Course III Specimen Historical Lectures
—1. Julian the Apostate
—2. Hermits
—3. Mahomedanism
—4. Persecution
—5. St. Peter Claver and the Slaves

Sunday, 4 November 2007

Heroism Inspired by Faith

We teachers need resources that are concise, orthodox, and online (so we can edit). I've got a couple of links to share (below).

In the Catholic sector, you expect to be constantly coming up against the idea that as Catholics we should always be beating our breasts and apologizing for our shameful history. We all know that Holocaust Memorial Day is a 'double of the First Class', and the obligatory information 'pack' tells us all about how anti-semitism goes back to the Gospels and especially to certain Fathers of the Church (who happen to be saints).

Anyway, here is a good article on the just recently beatified Franz Jägerstätterm, layman and martyr. Be prepared to explain why despite his refusal to fight in the army he wasn't a pacifist and why Catholics shouldn't be.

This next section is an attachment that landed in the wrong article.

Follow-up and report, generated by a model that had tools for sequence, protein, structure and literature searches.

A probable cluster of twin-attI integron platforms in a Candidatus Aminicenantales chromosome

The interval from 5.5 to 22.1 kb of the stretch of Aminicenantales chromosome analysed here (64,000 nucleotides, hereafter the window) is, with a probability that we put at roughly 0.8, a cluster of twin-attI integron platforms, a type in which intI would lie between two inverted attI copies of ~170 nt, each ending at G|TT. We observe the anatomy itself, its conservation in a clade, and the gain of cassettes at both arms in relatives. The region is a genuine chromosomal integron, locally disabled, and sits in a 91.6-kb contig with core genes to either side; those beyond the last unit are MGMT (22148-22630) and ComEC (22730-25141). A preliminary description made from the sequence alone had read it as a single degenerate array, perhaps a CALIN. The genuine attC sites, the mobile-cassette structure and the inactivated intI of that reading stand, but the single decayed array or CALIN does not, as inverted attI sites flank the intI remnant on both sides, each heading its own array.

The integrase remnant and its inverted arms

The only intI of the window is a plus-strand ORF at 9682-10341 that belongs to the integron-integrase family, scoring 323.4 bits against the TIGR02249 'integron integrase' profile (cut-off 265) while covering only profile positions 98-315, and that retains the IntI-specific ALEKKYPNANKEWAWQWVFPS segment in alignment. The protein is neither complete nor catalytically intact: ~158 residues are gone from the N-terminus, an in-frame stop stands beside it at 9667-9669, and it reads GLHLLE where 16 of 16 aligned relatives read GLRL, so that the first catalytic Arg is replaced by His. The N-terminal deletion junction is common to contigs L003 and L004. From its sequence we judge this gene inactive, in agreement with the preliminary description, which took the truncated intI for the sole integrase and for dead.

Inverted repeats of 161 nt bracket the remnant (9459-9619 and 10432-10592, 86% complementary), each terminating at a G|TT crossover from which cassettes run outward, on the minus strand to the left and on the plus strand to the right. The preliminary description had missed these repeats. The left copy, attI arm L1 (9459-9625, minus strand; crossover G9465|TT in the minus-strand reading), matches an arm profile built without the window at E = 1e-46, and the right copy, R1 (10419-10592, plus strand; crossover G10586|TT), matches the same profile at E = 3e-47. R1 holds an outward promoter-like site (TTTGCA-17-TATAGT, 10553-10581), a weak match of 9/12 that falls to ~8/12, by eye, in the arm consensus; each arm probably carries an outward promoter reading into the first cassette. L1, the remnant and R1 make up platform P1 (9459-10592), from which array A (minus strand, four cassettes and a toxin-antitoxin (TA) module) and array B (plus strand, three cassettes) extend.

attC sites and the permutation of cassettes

And here's a really excellent article on Mother Teresa which I think is useful.

Of course there are good films to show school children too. And they don't come much better than The Scarlet and the Black, which tells the story of Msgr. Hugh O'Flaherty—"the pimpernel of the Vatican"— and Molokai, the film of the leper-priest, Blessed Fr Damien of Molokai. Both are in colour which, let's face it, is important.

It's always a great incentive for the pupils to work hard if you promise them 'ten minutes of the leper priest if you're very good'.

I wonder whether anyone has any other ideas or links? I'm only in my third year of teaching so I've not yet become too touchy and defensive when people have got something to offer!